Written by Lloyd George’s great-grandson, Robert, this three-hander about the Liberal Prime Minister and his relationship with his famous successor comes with bona fide credentials. Unfortunately, that close-to-the-source authenticity doesn’t reveal itself in any deep insight or unveiled secret, other than perhaps some court sexual tittle-tattle. Winston and David is a rather conventional play giving a straightforward and unchallenging history.

The third hand in the piece is Frances “Pussy” Stevenson (Alexandra Donnachie), Lloyd George’s children’s governess, his private secretary and his mistress. It is her voice we first hear as she introduces her beloved ‘LG’ and it is her perspective on the two gents’ relationship we mainly hear. So far, so good.

However, we’ve reason to suspect the words put in her mouth to be a poor reflection of reality. She speaks purely adoringly of the man 25 years her elder as if arguing for his sainthood, as if there are no further questions to be asked. On LG’s death, Churchill called him the greatest Welshman since the Tudors and for Frances that would be an understatement. Perhaps her love for him was total, perhaps he was a giant among men whose allure was inescapable – no moral judgement on age-gap relationships is being cast here. But to not properly engage with the moral ambiguity of making a mistress of your late daughter’s schoolfriend, either from her perspective or others’, seems a missed dramatic opportunity. We need more convincing on the transcendency of their love.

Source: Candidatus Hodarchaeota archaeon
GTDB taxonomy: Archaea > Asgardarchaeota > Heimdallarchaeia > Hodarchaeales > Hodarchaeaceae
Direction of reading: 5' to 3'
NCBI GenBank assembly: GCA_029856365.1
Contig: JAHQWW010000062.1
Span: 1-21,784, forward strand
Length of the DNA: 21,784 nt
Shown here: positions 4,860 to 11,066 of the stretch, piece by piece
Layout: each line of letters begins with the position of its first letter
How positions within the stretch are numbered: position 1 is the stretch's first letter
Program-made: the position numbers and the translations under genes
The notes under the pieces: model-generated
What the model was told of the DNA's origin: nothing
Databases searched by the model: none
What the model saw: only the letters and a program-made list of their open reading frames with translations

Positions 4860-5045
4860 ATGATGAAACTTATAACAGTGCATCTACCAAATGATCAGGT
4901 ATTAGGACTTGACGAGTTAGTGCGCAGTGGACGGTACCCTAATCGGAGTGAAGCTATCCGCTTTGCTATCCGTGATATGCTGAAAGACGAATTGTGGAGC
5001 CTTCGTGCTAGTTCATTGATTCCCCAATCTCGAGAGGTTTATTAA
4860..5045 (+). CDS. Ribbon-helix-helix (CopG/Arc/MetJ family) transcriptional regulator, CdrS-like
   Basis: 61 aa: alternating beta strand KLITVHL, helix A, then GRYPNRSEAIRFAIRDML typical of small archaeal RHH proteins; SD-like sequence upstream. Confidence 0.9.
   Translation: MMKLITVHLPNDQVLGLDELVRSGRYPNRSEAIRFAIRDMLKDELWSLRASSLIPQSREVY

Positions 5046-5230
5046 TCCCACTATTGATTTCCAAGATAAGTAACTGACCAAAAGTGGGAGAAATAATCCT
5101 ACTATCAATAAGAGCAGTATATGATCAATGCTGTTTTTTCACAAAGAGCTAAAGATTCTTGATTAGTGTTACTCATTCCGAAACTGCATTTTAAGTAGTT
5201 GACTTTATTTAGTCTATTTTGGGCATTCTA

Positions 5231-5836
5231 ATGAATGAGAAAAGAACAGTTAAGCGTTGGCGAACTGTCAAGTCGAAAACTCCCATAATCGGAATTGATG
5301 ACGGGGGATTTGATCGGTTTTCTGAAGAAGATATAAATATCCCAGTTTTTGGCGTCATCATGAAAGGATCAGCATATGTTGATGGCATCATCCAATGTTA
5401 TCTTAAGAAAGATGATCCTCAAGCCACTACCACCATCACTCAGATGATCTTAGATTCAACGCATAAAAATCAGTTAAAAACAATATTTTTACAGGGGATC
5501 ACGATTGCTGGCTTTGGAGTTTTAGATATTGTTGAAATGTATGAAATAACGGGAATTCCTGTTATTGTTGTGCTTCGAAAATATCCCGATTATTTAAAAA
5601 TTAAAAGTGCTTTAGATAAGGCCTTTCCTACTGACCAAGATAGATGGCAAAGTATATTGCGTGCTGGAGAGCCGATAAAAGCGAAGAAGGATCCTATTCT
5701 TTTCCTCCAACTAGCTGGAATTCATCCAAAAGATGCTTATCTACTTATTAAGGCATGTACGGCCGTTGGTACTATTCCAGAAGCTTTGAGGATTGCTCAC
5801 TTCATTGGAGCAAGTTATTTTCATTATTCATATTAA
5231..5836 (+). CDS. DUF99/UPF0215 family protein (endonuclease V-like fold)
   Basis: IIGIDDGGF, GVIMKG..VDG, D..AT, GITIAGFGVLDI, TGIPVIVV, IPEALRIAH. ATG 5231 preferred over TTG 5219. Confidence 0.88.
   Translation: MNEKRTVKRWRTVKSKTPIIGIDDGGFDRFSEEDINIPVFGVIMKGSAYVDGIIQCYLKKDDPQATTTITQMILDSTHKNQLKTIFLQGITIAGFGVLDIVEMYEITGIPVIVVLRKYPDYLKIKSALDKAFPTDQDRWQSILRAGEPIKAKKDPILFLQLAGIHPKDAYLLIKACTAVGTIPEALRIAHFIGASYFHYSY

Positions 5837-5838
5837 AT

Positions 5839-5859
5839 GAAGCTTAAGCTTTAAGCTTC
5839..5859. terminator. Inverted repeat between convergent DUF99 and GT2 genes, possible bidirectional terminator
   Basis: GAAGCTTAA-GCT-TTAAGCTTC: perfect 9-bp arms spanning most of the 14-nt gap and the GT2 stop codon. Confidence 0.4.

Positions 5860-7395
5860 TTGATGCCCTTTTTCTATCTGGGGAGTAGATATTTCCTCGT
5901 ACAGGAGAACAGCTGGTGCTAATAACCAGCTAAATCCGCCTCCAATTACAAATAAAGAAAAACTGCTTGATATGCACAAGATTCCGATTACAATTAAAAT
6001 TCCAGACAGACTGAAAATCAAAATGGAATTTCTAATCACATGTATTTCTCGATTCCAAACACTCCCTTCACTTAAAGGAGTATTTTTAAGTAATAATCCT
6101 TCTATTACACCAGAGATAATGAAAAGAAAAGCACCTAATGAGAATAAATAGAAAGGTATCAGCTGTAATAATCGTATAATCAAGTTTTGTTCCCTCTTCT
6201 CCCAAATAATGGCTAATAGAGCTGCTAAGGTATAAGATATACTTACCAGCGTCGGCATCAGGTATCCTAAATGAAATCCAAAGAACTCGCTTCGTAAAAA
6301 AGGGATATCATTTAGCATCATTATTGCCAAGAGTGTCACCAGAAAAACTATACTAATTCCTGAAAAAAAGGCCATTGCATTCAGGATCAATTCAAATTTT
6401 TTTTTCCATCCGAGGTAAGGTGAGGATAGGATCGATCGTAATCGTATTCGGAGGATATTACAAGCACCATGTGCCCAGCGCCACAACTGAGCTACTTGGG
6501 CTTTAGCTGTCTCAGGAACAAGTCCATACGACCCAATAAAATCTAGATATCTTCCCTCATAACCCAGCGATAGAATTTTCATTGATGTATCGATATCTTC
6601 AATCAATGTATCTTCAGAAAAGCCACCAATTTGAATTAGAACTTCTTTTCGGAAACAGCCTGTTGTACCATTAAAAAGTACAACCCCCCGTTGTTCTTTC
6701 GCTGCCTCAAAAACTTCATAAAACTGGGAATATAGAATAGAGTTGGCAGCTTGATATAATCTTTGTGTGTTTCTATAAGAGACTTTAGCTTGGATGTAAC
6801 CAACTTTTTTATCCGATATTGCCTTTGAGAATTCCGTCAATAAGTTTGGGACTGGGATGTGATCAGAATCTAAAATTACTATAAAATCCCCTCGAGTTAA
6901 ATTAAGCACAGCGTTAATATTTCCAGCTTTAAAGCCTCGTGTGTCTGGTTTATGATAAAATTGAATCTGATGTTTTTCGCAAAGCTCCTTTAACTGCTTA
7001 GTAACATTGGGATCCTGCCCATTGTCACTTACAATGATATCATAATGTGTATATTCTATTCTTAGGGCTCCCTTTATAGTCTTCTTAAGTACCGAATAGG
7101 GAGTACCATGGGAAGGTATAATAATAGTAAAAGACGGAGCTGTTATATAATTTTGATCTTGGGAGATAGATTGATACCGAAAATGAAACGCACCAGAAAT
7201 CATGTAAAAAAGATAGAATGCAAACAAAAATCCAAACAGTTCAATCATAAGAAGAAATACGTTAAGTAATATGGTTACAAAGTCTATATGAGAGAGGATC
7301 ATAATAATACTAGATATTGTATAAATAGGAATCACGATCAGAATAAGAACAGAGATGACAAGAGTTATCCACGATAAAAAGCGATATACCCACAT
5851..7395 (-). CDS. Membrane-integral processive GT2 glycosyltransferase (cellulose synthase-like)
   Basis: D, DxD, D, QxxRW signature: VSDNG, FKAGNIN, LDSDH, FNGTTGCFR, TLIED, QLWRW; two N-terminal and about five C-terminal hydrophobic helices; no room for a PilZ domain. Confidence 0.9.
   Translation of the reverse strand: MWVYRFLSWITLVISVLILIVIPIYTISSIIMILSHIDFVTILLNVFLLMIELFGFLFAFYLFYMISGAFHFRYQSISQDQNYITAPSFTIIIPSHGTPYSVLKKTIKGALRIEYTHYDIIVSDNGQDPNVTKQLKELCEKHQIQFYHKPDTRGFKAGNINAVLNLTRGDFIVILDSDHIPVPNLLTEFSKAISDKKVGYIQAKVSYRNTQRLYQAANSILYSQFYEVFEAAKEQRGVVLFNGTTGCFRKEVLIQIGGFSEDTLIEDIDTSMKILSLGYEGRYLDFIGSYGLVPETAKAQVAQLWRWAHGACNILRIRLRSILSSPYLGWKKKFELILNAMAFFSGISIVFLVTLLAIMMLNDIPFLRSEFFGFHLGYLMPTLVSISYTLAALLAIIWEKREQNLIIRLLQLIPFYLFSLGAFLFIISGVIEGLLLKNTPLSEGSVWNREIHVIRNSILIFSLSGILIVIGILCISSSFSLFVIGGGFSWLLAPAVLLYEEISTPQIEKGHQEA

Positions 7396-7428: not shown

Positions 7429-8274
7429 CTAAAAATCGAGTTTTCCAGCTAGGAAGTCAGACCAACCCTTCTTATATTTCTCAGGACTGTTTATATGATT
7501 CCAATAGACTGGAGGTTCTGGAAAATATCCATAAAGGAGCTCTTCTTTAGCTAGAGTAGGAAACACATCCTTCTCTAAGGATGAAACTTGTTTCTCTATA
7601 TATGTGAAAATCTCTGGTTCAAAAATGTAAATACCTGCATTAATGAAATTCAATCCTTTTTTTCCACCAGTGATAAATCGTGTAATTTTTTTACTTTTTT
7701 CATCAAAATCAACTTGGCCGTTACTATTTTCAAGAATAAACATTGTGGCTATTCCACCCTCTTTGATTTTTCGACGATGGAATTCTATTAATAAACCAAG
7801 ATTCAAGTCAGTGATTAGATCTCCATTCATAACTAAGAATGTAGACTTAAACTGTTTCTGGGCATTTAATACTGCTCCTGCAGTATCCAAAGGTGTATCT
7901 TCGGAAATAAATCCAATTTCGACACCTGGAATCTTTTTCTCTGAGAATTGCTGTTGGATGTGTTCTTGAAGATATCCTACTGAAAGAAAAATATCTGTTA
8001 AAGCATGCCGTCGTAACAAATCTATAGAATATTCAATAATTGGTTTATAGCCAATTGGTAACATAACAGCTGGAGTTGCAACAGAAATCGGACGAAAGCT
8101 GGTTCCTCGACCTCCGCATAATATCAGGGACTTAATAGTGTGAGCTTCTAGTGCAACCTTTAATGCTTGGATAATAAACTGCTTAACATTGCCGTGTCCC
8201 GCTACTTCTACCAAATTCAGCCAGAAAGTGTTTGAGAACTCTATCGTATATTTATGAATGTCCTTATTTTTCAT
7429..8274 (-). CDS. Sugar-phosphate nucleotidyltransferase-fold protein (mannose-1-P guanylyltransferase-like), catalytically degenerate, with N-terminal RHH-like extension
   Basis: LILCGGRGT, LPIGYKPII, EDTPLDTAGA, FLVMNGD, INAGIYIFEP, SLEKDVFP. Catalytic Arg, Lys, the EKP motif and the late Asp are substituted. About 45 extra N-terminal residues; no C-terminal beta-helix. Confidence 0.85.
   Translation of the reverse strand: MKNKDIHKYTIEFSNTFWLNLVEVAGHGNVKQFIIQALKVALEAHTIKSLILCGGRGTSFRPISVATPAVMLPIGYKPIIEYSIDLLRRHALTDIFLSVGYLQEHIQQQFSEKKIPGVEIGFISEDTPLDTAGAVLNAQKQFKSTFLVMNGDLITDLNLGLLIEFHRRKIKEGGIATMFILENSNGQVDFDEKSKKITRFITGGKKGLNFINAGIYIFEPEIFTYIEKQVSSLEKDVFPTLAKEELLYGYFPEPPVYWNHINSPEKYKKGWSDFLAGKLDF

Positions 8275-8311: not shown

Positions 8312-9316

This superficiality is evident elsewhere too. Turning point incidents are over-flagged and under-scripted. The scene where Lloyd George loses his daughter amounts to bare statements about his grief and is accompanied by a cheap-sounding keyboard. The war, Frances tells us, with was ‘a terrible time’ after which people wanted to ‘live a bit’. It lacks the rhetorical flourishes either man could have imparted.

None of this is the fault of the actors before us. Neither Peter Swales as Churchill or Geraint Rhys as David Lloyd George attempt full on impersonations of their characters, nor do they need to. The two men’s dynamic carries without it. And Donnachie narrates well as Frances, doubles as Clemmie Churchill and even throws in a decent Michael Collins for good measure.

The play has been adapted from the author’s 2005 book and it shows, with too much attention paid to chronological veracity and not enough to characterisation. There is a story here, a nationally important one, about a cross-chamber friendship that bestrode the early 20th century and encompassed the most dramatic events in these islands’ history. But presented like this it does bear the hallmarks of a family vanity project.